A System for Imitation Learning of Contact-Rich Bimanual Manipulation Policies

Simon Stepputtis1, Maryam Bandari2, Stefan Schaal2, Heni Ben Amor3
1Carnegie Melon University, 2Intrinsic, An Alphabet Company, 3Arizona State University
Simulation task
Simulation close-up insertion


In this paper, we discuss a framework for teaching bimanual manipulation tasks by imitation.

To this end, we present a system and algorithms for learning compliant and contact-rich robot behavior from human demonstrations. The presented system combines insights from admittance control and machine learning to extract control policies that can (a) recover from and adapt to a variety of disturbances in time and space while also (b) effectively leveraging physical contact with the environment.

We demonstrate the effectiveness of our approach using a real-world insertion task involving multiple simultaneous contacts between a manipulated object and insertion pegs. We also investigate efficient means of collecting training data for such bimanual settings. To this end, we conduct a human-subject study and analyze the effort and mental demand as reported by the users. Our experiments show that, while harder to provide, the additional force/torque information available in teleoperated demonstrations is crucial for phase estimation and task success. Ultimately, force/torque data substantially improves manipulation robustness, resulting in a 90\% success rate in a multipoint insertion task.

Introduction Video (3 Minutes)

Bimanual Manipulation

Full IROS 2022 Presentation (7 Minutes)


In our approach, we combine multimodal sensor data acquired from force/torque sensors attached to each robot's wrist, visual object tracking, and robot joint states to learn a Bayesian Interaction Primitive. The learned model then infers the temporal and spatial progress of the insertion task in terms of a phase value \(\phi\). This phase \(0 \leq \phi \leq 1\) describes the progress of the task, allowing us to represent varying trajectory lengths in the real world on a unified scale. The phase estimation is key to enabling temporal inference over the task progress to appropriately react to perturbations.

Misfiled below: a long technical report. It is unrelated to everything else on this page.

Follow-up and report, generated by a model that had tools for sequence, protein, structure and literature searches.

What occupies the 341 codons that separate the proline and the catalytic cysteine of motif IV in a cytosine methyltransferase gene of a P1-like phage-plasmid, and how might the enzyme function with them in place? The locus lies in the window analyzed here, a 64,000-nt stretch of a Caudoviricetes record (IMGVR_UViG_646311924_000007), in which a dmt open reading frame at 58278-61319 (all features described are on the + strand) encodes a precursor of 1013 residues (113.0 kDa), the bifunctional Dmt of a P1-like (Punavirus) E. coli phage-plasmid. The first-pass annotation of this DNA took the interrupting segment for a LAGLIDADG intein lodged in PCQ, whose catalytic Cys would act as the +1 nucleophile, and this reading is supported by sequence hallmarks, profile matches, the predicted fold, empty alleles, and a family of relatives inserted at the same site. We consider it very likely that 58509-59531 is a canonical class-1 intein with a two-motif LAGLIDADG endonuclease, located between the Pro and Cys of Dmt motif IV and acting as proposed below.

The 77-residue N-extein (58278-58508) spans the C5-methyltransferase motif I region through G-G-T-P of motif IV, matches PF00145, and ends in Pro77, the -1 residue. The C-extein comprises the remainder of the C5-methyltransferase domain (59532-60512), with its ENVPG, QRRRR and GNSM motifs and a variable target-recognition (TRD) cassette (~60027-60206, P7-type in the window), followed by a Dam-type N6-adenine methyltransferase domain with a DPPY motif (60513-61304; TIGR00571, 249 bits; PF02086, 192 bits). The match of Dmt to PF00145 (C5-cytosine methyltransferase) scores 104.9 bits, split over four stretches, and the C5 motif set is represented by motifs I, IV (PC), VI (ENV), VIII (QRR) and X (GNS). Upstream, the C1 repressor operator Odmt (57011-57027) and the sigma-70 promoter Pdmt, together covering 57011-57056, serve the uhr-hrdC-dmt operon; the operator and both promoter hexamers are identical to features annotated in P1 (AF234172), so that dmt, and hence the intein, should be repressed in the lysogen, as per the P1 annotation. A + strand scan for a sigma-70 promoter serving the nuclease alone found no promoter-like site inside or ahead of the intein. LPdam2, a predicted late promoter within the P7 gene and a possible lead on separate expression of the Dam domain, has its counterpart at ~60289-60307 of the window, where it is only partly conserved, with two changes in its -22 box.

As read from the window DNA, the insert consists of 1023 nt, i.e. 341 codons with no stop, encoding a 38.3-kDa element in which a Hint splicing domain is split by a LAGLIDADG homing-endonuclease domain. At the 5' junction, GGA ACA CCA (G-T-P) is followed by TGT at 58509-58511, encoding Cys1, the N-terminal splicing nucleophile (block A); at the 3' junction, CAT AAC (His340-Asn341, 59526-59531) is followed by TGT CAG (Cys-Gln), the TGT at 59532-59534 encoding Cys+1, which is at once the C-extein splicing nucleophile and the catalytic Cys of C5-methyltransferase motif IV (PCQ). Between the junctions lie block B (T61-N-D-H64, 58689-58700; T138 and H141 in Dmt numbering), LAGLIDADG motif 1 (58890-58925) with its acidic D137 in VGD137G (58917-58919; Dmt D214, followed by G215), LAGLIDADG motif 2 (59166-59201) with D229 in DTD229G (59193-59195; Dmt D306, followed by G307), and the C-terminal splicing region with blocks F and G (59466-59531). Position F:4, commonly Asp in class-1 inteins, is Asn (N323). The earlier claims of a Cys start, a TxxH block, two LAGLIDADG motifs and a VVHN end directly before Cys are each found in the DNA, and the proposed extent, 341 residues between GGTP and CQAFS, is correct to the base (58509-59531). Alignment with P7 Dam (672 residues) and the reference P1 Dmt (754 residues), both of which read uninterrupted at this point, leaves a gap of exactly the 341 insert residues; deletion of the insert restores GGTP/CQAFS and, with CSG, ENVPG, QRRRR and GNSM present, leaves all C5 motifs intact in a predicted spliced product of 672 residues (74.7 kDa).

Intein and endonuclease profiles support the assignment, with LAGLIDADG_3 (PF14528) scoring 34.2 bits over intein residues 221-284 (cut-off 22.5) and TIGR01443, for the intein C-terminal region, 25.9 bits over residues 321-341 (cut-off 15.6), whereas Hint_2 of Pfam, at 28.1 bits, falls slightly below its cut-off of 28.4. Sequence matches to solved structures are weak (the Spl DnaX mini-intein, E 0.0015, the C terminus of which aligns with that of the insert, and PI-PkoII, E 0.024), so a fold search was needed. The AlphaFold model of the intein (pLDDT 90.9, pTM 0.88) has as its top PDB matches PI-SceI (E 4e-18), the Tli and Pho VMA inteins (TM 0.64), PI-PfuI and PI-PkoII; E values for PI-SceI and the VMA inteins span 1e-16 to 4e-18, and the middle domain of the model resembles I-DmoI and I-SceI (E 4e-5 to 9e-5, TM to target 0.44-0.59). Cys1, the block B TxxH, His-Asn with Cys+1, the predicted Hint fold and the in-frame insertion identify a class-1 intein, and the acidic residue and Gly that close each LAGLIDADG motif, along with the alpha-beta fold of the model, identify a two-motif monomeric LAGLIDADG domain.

Phase Estimation During Perturbation

Phase Estimation

When exposed to external perturbations or facing difficulties during the insertion, the phase estimate \(\phi\) is continuously adjusted.

Motion Consistency

Motion Consistency

When the phase \(\phi\) is adjusted by the algorithm, predicted motions remain in a similar motion domain, even when pused outside of demonstrated behavior.

When misalignments or other external perturbations are detected, the phase estimation, together with the underlying admittance controller, are used to overcome obstructions. This allows the system to correct and even reverse the estimated task progress, resulting in multiple insertion attempts. At its core, the combination of phase estimation and adaptive admittance control enables smooth insertions, as shown in the videos above.

To train the bayesian interaction primitive, we collect thirty demonstrations in the real world by moving the bracket, either with a space mouse, allowing for six-dimensional manipulation, or by utilizing kinesthetic teaching.

Teleoperation (Space-Mouse)


Kinesthetic Teaching

Kinesthetic Teaching

In our user study, we show that kinesthetic teaching is preferred due to its intuitive maneuvering; however, data collected with the space mouse enables the usage of force/torque sensor data during inference since all measured disturbances can be attributed to interactions with the environment. Especially the availability of force/torque sensor data has been shown to provide a 20% improvement in task performance. Overall, when using force/torque data, our system acheives a 90% success rate.


  author    = {Stepputtis, Simon and Bandari, Maryam and Schaal, Stefan and Ben Amor, Heni},
  title     = {A System for Imitation Learning of Contact-Rich Bimanual Manipulation Policies},
  journal   = {IEEE/RSJ International Conference on Intelligent Robots and Systems (IROS)},
  year      = {2022},